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Apache Cookbook [Paperback]

Ken Coar , Rich Bowen
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Review

"The range of recipes is excellent, covering ust about every task you'd be likely to throw at Apache, from complex redirects to performance tweaking and error handling... Apached Cookbook offers a pleasant, highly usable guide which should ensure the smooth, successful running of many a website" - Martin Howse, Linux User & Developer

About the Author

Ken Coar is a member of the Apache Software Foundation, the body that oversees Apache development. He is the author of Apache Server for Dummies (January 1998) and co-author of Apache Server Unleashed (March 2000). Ken has been responsible for fielding email sent to the Apache project, and his experience with that mailing list provided a foundation for this book.

Rich Bowen is a member of the Apache Software Foundation, working primarily on the documentation for the Apache Web Server. He lives in Lexington, Kentucky, where he spends his free time GeoCaching. He also enjoys flying kites and reading stuff by Charles Dickens and his contemporaries. Rich is a coauthor of Apache Administrators Handbook and Apache Cookbook. Rich, or DrBacchus--his handle on IRC--also spends entirely too much time on #apache. You can find him on the web at http://www.drbacchus.com/journal/.

Excerpt. © Reprinted by permission. All rights reserved.

Chapter 9 - Error Handling

When you’re running a web site, things go wrong. And when they do, it’s important that they are handled gracefully, so that the user experience is not too greatly diminished. In this chapter, you’ll learn how to handle error conditions, return useful messages to the user, and capture information that will help you fix the problem so that it does not happen again.

9.1 Handling a Missing Host Field

Problem
You have multiple virtual hosts in your configuration, and at least one of them is name-based. For name-based virtual hosts to work properly, the client must send a valid Host field in the request header. This recipe describes how you can deal with situations in which the field is not included.

Solution
Add the following lines to your httpd.conf file:

Alias /NoHost.cgi /usr/local/apache/cgi-bin/NoHost.cgi
RewriteEngine On
RewriteCond "%{HTTP_HOST}" "^$"
RewriteRule "(.*)" "/NoHost.cgi$1" [PT]

The file NoHost.cgi can contain something like the following:

#! /usr/bin/perl –Tw

my $msg = "To properly direct your request, this server requires that\n"
. "your Web client include the HTTP 'Host' request header field.\n"
. "The request which caused this response did not include such\n"
. "a field, so we cannot determine the correct document for you.\n";
print "Status: 400 Bad Request\r\n\"
. "Content-type: text/plain\r\n\". 'Content-length: ' . length($msg) . "\r\n\"
. "\r\n\"
. $msg;
exit(0);

Discussion
Once the directives in the solution are in place, all requests made of the server that do not include a Host: field in the request header are redirected to the specified CGI script, which can take appropriate action.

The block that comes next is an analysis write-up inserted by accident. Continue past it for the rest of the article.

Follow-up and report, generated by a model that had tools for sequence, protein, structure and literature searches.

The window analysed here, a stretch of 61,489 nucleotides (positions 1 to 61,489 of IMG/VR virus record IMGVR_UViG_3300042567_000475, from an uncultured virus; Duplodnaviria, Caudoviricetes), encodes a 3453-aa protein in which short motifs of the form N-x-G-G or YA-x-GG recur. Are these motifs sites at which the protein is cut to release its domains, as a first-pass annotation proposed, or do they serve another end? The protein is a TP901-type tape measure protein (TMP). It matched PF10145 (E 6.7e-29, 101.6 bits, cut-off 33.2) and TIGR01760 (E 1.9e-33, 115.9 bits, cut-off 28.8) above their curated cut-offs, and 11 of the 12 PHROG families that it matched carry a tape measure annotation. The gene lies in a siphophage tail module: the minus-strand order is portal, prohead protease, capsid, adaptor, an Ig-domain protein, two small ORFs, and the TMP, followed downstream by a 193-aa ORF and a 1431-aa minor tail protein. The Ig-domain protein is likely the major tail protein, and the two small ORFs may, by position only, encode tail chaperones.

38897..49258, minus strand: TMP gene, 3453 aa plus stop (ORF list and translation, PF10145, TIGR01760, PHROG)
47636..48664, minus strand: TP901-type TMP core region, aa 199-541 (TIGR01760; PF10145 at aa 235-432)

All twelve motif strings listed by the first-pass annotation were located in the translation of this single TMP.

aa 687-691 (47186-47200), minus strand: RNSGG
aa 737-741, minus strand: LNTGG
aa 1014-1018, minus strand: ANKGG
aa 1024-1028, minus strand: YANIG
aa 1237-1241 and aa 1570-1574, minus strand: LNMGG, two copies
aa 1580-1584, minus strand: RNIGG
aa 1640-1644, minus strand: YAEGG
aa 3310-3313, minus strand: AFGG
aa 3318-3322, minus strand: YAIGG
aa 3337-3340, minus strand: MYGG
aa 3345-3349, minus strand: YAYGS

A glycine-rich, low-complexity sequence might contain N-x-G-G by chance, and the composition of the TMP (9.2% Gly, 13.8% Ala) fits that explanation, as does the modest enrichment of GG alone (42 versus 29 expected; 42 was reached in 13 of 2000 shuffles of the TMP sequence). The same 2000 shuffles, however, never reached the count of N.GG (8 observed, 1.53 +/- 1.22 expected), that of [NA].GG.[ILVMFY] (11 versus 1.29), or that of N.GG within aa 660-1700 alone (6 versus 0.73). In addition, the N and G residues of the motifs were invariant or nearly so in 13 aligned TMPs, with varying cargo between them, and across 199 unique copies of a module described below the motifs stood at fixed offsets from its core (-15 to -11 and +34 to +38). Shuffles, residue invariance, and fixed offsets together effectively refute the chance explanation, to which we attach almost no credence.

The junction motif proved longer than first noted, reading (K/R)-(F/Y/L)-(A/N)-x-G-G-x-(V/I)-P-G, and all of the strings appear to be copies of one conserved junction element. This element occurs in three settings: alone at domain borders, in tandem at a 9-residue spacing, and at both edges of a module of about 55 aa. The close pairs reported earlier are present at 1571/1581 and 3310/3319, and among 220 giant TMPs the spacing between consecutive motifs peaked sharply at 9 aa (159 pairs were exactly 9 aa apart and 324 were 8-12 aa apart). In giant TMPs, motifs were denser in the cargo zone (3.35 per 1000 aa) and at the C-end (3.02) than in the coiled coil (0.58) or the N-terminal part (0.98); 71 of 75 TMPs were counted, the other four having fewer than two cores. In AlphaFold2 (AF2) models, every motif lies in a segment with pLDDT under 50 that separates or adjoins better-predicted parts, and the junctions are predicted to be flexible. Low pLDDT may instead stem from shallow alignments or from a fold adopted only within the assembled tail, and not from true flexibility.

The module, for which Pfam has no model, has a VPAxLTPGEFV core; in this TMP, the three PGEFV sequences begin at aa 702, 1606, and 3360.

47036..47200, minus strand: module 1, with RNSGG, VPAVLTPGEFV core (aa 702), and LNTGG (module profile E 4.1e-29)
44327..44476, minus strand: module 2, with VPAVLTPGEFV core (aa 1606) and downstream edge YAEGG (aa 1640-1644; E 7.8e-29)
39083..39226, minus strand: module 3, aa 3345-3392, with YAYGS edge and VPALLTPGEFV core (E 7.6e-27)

The solution uses a CGI script so that the response text can be tailored according to the attributes of the request and the server’s environment. For instance, the script might respond with a list of links to valid sites on the server, determined by the script at runtime by examining the server’s own configuration files. If all you need is a "please try again, this time with a Host: field" sort of message, a static HTML file would suffice:

RewriteRule .* /nohost.html [PT]

A more advanced version of the script approach could possibly scan the httpd.conf file for ServerName directives, construct a list of possibilities from them, and present links in a 300 Multiple Choices response. Of course, there’s an excellent chance they wouldn’t work, because the client would still not be including the Host: field.

9.2 Changing the Response Status for CGI Scripts

Problem
There may be times when you want to change the status for a response—for example, you want 404 Not Found errors to be sent back to the client as 403 Forbidden instead.

Solution
Point your ErrorDocument to a CGI script instead of a static file. The CGI specification permits scripts to specify the response status code.

In addition to the other header fields the script emits, like the Content-type: field,
include one named Status: with the value and text of the status you want to return:

#! /bin/perl -w
print "Content-type: text/html;charset=iso-8859-1\r\n";
print "Status: 403 Access denied\r\n";
:

Discussion
If Apache encounters an error processing a document, such as not being able to locate a file, by default it will return a canned error response to the client. You can customize this error response with the ErrorDocument directive, and Apache will generally maintain the error status when it sends your custom error text to the client.

However, if you want to change the status to something else, such as hiding the fact that a file doesn’t exist by returning a Forbidden status, you need to tell Apache about the change.

This requires that the ErrorDocument be a dynamic page, such as a CGI script. The CGI specification provides a very simple means of specifying the status code for a response: the Status: CGI header field. The Solution shows how it can be used.

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